The board of growing agribusiness TasFoods Limited is at risk of another shareholder revolt over executive pay after another difficult year.
More than 25 per cent of voting shareholders last year voted against the company's remuneration report for 2019.
If that was repeated at this year's annual meeting in Launceston on May 20 and a majority of votes then supported a board spill, the company would be forced to organise a spill meeting within 90 days to consider the board's make-up.
Chairman Craig Treasure and directors Roger McBain and Ben Swain would automatically lose their board spots at the end of the spill meeting unless they stood for re-election at the meeting and were successful.
That would be despite Mr McBain seeking re-election at the annual meeting.
The board has recommended voting for the remuneration report and against a spill motion if one is proposed.
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"The board remains confident, given the company's strategic objectives, that the remuneration framework is appropriate," Mr Treasure wrote in a letter to shareholders accompanying the annual meeting documents.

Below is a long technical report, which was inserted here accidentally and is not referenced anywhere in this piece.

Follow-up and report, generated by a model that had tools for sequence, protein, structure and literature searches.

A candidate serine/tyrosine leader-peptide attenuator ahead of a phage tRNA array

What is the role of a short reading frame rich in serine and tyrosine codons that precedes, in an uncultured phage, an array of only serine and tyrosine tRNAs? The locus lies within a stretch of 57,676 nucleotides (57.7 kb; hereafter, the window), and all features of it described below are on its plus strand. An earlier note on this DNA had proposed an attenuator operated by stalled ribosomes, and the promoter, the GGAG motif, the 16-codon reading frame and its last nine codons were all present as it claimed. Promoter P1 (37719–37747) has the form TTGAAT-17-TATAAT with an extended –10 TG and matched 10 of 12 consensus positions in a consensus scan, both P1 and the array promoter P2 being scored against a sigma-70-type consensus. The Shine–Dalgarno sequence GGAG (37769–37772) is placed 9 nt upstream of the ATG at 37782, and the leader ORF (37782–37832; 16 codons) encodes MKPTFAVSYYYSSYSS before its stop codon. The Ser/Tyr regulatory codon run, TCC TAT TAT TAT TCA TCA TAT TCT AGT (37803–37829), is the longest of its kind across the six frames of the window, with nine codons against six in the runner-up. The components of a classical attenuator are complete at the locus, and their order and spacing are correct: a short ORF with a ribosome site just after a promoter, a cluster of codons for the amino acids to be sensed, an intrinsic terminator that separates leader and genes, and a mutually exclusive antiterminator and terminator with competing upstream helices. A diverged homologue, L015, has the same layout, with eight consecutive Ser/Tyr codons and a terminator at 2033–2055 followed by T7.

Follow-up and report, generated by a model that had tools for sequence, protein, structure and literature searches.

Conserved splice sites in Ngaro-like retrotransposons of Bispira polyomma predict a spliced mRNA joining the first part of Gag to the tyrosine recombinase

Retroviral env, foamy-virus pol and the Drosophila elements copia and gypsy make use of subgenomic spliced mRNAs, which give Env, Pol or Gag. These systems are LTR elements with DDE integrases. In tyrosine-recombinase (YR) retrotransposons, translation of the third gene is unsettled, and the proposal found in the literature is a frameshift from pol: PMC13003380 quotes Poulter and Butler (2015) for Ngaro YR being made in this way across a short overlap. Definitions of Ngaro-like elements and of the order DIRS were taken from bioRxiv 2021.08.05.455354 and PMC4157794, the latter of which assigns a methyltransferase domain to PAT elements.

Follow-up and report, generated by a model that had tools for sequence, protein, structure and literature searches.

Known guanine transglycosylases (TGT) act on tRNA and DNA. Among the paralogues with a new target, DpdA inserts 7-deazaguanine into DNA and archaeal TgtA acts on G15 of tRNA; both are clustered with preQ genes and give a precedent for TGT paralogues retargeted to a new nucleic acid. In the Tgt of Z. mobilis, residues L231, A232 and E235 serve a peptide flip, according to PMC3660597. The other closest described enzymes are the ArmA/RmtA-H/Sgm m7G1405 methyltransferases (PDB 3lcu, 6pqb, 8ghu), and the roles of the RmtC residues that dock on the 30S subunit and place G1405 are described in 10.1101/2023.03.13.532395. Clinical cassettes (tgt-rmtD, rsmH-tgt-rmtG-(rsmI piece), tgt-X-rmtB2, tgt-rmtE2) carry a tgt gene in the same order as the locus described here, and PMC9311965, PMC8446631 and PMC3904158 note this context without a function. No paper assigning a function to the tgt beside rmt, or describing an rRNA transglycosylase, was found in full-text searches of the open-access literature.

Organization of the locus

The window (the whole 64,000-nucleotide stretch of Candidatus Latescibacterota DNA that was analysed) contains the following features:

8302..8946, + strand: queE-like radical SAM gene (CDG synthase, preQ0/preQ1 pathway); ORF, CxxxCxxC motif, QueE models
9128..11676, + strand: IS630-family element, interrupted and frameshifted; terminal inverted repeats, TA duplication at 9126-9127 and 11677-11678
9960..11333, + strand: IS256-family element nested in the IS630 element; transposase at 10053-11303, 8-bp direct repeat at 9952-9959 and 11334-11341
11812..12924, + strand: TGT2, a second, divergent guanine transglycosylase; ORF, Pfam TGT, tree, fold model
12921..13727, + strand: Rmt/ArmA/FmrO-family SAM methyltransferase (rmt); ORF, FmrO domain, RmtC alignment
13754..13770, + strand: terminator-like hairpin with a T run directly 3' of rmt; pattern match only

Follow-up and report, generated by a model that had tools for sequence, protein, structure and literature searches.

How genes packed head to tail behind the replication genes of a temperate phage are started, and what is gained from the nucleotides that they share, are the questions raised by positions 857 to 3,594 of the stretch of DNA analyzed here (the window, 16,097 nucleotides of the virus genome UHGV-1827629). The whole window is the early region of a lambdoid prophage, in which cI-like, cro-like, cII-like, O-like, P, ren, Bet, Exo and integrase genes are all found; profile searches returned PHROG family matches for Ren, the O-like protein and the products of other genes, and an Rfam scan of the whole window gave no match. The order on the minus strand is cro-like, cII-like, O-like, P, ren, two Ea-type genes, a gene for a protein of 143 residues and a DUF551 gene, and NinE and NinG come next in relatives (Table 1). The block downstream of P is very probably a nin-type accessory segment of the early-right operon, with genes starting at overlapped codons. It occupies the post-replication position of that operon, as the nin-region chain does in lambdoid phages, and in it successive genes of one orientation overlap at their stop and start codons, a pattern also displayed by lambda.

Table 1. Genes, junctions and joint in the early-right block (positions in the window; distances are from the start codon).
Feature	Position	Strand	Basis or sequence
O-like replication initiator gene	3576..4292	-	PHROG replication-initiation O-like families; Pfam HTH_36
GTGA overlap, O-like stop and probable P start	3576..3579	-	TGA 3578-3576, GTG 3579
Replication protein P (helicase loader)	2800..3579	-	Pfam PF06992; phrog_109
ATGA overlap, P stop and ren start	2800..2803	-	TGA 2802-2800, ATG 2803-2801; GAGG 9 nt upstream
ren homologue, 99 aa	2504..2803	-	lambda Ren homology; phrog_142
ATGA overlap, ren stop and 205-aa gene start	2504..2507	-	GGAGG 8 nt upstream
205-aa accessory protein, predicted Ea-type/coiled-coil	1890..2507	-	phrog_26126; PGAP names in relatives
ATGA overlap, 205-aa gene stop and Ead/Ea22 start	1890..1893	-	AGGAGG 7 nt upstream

Early in 2020, he said, the board carefully set short-term incentives (STI) weighted towards financial performance and an earnings hurdle and long-term incentives (LTI) that rewarded strong share price performance.
"However, with the arrival of the COVID-19 pandemic, circumstances significantly altered," Mr Treasure said.
'' ... in the COVID-19 budget review completed in April 2020, management elected to forfeit any LTI or STI which may become payable with respect to the 2020 financial year.
"As a result during 2020, no long-term incentives were granted and no short-term incentives were paid, and only fixed remuneration was received."
TasFoods recently reported a $6.41 million after tax loss for calendar year 2020.
It described the year as "very challenging".
Revenue increased by 32 per cent, helped by 92 per cent growth in sales from the dairy division, including 2019 acquisition Betta Milk.
However, impairment expense of $3.5 million and a $1.2 million writedown of the fair value of the company's wasabi crop affected the result.
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